Wednesday, Feb. 22
(Wherein I finally admit to myself, my children and the old lady sitting next to me that I indeed have the clap.) My daughter and I attended the opening night of Bombay Dreams, the Broadway musical about Bollywood. Bollywood is the term for the Indian film industry that produces those deliriously silly movies in which people break into song and mechanized group dance every 15 minutes, like an Elvis movie, though without the underlying bankruptcy of spirit. They also say a lot of silly things, my favorite being from the classic Disco Dancer, in which one guy says to another guy, "He's got guitarphobia. A guitar killed his mother." Suck on that, Tarantino! Aaaanyway, we're watching the musical, and it is deliriously silly and fun, and after each song, I applaud with the rest of the audience, but as I do, I notice that the woman next to me is jerking about like she's been shot. When the play ends, I applaud long and hard for the cast, and again I notice the woman is jerking, and then she suddenly retreats into her husband's chest cavity. At this point, I lean over and ask, "Am I clapping too loud?" and she, very sweetly, says "You have a very loud clap!" It's true. I have a very loud clap. I have always had a very loud clap. I am not a large man and don't possess the largest hands—though certainly large enough to get the job done, knowwhaI'msayying?—but for some reason, the construction of my hands, the curve of my fingers—the angle of their dangle, if you will—the gristle in my palm produce a stinging chorus that my children have complained about for years. I applaud their commitment . . . oh, sorry.
Thursday, Feb. 23
I don't know if you've ever had the sensation of swallowing your own tongue, but today, as I retrieve my morning LA Times, I discover a front-page, above-the-fold, in-depth, two-photo, double-jump story about my colleague Gustavo Arellano and his "Ask a Mexican" column. No one, not a single person, told me about this, and I read the piece quickly and think Gustavo comes off really well, which tells me they must have interviewed him via e-mail—kidding! Anyway, what a break for a kid. You might think people who write for newspapers and magazines would be blas about appearing in a publication, but we get just as excited as any of you in the great unwashed masses. Yes, we were excited when Rebecca Schoenkopf was the subject of a long profile in The Orange County Register. And we were excited when we read about Nick Schou getting a book deal. And when our editor, Will Swaim, was featured in Orange Coastmagazine, we all agreed that "They're still publishing?" The thing about "Mexican" is, and this is not sour grapes, but I was originally slated to do that column. The thinking was my Irish-Italian background made me a natural for the column, but, well, let's just say I screwdo'dthe poocho.I tried to talk the powers that be into changing the column into something better suited for me, but "Ask an Apathetic Middle-Aged Man Confused About His Place in the World" was met with, ironically, indifference.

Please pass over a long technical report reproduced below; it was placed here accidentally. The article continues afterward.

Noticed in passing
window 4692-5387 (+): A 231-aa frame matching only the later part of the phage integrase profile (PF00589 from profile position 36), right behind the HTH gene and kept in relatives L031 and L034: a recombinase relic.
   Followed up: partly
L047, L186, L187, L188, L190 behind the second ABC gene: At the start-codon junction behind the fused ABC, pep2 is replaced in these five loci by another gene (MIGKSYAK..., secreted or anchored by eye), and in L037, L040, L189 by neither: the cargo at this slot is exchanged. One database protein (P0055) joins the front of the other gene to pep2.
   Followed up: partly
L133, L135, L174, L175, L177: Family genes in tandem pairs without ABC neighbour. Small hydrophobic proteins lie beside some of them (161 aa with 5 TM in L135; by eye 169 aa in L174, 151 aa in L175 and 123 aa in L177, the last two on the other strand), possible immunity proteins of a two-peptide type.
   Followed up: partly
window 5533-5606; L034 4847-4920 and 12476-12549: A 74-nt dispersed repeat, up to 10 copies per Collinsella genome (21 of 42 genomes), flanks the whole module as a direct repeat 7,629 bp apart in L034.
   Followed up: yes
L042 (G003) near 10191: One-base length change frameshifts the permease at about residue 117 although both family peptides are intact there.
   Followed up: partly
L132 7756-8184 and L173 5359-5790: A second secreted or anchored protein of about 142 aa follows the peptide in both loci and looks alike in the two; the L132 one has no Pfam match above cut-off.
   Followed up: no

Friday, Feb. 24
An arbitration panel awards nearly $900,000 to the two former Thomas Kinkade Signature Gallery owners, saying Kinkade's company fraudulently induced them to invest in the business, a business they eventually lost a lot of money in. The pair, Karen Hazelwood and Jeffery Spinello, say they invested $122,000 of their own money to open the first two Kinkade galleries because Kinkade company officials "failed to disclose material information." Now, I'm not one to take sides, but it would seem the only material information one would need is to take a look at any one of Kinkade's completed canvases, which look like they were painted by Bilbo Baggins, dumpy little villages that look like they're the kind of places those naked trolls with the mad shock of hair—the kind you win at carnivals—would live. The pair said that Kinkade used his Christian faith to entice them; I guess they figured any man who could defame God's beauty like that and still be allowed to live must be in pretty good with Almighty.
Saturday, Feb. 25
Wherein we find out that Gustavo, off the LA Times article, has booked gigs on Fox News and the Tucker Carlson Show—he's still on TV? Then it's two weeks at the Copa. After that, the Sudetenland.
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Sunday, Feb. 26
Word comes that Gustavo will also be appearing on the Today Show and some other junk. This whole thing has gotten big. Ashlee Simpson big. It's a testament to the influence of the LA Times. Say what you will about that newspaper—I like it myself—but it still has the most pull and power around here to define what this region is. Take Gustavo. He's been doing "Ask a Mexican" for some time, even done gigs on local talk radio, but it wasn't until the Times article that the people who determine what people will care about actually took notice. Does that kind of power make an organization a bit arrogant? Well, all I can tell you is that when I worked in there in the '80s, we had a little saying: "It's not news until we write about it." I loved that.
Monday, Feb. 27
The architect of the LA Times, Otis Chandler, dies. Chandler took a Podunk paper of very low repute and made it into one of the nation's great papers. Chandler is being lionized and deservedly so, but it's also sad that the great institution as the nation's paper of record would end up retrenching to the point that it was happy to be a regional force. Still, good on ya, Otis.
Tuesday, Feb. 28
Completely sick to my stomach. Why is it when I'm in this state, the only thing that seems to take my mind off my stomach is watching television? And why is it when I'm watching television, all I see are ads for mutant burgers from Ruby Tuesday and Kirstie Alley snarfing up Soylent Green linguine?